In a galaxy not so far from here some UK sociology departments will be spending the summer considering injunctions from their university managements to internationalize their curricula. This request has two drivers. One is the prospect of Brexit and the need to attract a wider range of fee-paying international students to compensate for the loss of EU students. The other is the employability of UK students in the buccaneering global trading nation promised by the Brexiteers. Naturally, being sociology departments, this issue has got tangled up with the rather different issue of decolonialization, the notion that established curricula need adjustment to reflect the experiences of various historically neglected or excluded groups.
Many UK sociology departments like nothing better than a round of navel-gazing. It is a great excuse for avoiding the difficult job of original thought or the graft of writing grant applications or publishable work. However, two issues rarely seem to trouble such reflections.
The first is the question of what makes sociology graduates employable. Traditionally, the degree has fed into a range of public sector jobs that have either disappeared or been contracted out to NGOs or private companies. There is something faintly distasteful about reasonably well-paid and secure academics focussing on the production of itinerant community activists or organizers. This is never going to be more than a niche market and will always be vulnerable to questions about why publicly-funded universities should be training agitators at taxpayers’ expense. This is quite different from the development of a moral sensibility that recognizes the complexities of delivering social justice. Private property and the Protestant Ethic also play their part in the orderliness of society. The lifestyle choices of socially disadvantaged groups are never beyond criticism.
The employability of sociology graduates lies in their ability to ally rigorous ethical thinking with skills in acquiring and handling information. Research methods lies at the heart of everything that we do. The asset for sociology graduates is the diversity of skills that this delivers. Methods is not just about dealing with information in quantitative forms, although that is essential. It is also about appreciating the social construction of that information and weighting it alongside other sources: observing people, asking questions, and analysing documents and images. Other social sciences may have greater strength in any one of these: sociology is unique in the way it brings them together. Developing these skills is the best service we can perform for any student, regardless of their background.
Research methods can, however, be learned anywhere. Why, then, should a student travel to the UK, or remain in the UK, to study sociology?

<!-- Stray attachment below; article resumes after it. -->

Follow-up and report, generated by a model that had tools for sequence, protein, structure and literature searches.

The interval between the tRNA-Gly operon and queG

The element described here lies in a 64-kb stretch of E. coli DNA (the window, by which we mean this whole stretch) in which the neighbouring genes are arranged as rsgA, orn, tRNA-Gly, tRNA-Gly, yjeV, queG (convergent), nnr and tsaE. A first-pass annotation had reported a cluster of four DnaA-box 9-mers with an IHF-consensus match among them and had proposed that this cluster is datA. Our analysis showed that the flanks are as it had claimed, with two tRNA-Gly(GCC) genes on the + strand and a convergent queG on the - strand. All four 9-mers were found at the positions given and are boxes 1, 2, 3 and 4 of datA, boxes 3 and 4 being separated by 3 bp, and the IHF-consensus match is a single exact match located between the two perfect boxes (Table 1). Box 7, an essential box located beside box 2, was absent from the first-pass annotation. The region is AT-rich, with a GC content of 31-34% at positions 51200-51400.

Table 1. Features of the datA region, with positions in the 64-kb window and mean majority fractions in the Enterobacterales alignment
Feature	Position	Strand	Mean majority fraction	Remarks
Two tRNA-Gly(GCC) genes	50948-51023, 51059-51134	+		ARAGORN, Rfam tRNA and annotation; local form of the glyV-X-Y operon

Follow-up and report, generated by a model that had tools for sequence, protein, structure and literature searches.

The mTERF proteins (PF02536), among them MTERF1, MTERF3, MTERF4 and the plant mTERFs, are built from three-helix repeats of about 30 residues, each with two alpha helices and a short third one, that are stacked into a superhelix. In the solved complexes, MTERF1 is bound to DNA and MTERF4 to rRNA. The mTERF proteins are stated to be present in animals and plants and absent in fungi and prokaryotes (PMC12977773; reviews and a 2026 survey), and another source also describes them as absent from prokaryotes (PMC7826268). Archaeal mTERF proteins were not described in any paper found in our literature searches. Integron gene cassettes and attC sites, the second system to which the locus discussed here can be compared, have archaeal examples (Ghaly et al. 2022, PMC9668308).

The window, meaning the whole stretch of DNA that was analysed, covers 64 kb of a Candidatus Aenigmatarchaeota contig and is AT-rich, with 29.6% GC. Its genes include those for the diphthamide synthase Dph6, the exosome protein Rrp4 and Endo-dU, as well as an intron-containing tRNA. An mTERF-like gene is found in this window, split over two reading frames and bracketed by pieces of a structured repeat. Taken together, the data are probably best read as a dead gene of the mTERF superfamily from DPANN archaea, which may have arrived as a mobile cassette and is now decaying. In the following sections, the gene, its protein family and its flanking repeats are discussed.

Here we come to a paradox. The one topic that most students never learn anything about is the UK’s own national tradition. If we really wanted to internationalize the curriculum, we would rely much less on teaching second or third hand versions of European or US (or Global South) scholars and give more attention to the UK’s contribution. If you really want to learn about Bourdieu, for example, why would you not go to France rather than England? (Incidentally, if you did, you would find that his influence and legacy were highly contested: the hot stuff in many French sociology departments for the last 20 years has been the Chicago School.)
Rather than trying to rescue the Marxist legacy from the failures of 1968, we might be better examining the sociological critique of utilitarian economics and laissez-faire that originated in the UK. There is a respectable argument that sociology is essentially the creation of the Scottish Enlightenment – the founders of the Chicago School certainly thought so. It is clear that the globally most influential sociologist before World War I was Herbert Spencer. He explored the amorality of capitalism and rejected grand historical narratives of progress on evolutionary grounds. Durkheim stole much of his work for the Division of Labour. Simmel wrote a PhD about Spencer, which was rejected on nationalistic grounds in advance of its defence. A whole generation of British and American sociologists struggled against Spencer’s legacy to find persuasive arguments for a social justice agenda – arguments not slogans.
If we want to have a scholarly product to attract international students, we might do well to consider how the UK gave capitalism to the world, produced its intellectual justifications, and then tried to find ways of resolving the problems that arose. If we invented market society, we also recognized how that society rested on non-market institutions. Markets could, and did, fail – and needed practical state interventions to manage those failures. Nevertheless, they were powerful means of raising everyone’s living standards and welfare.
An interest in markets might also lead us to consider an agenda for sustainable growth. The UK’s poor industrial productivity record has been neglected by sociologists. The idea that economic benefits will be realised by throwing money at STEM disciplines has been allowed to flourish – technological innovation is worthless without attention to the social context into which it will be delivered. Ironically, the arts have done better at making their pitch for incorporation. Why is ethnography by designers supplanting ethnography by sociologists? If STEM turns to STEAM, where are the social sciences left? Constructive engagement with the practical matter of generating the wealth to fund a more just society would also enhance the employability of our graduates.
These are challenging times for the material base of UK sociology. If we do not want it to become a luxury good for a handful of enthusiasts, we need to ask ourselves harder questions and come up with some better answers.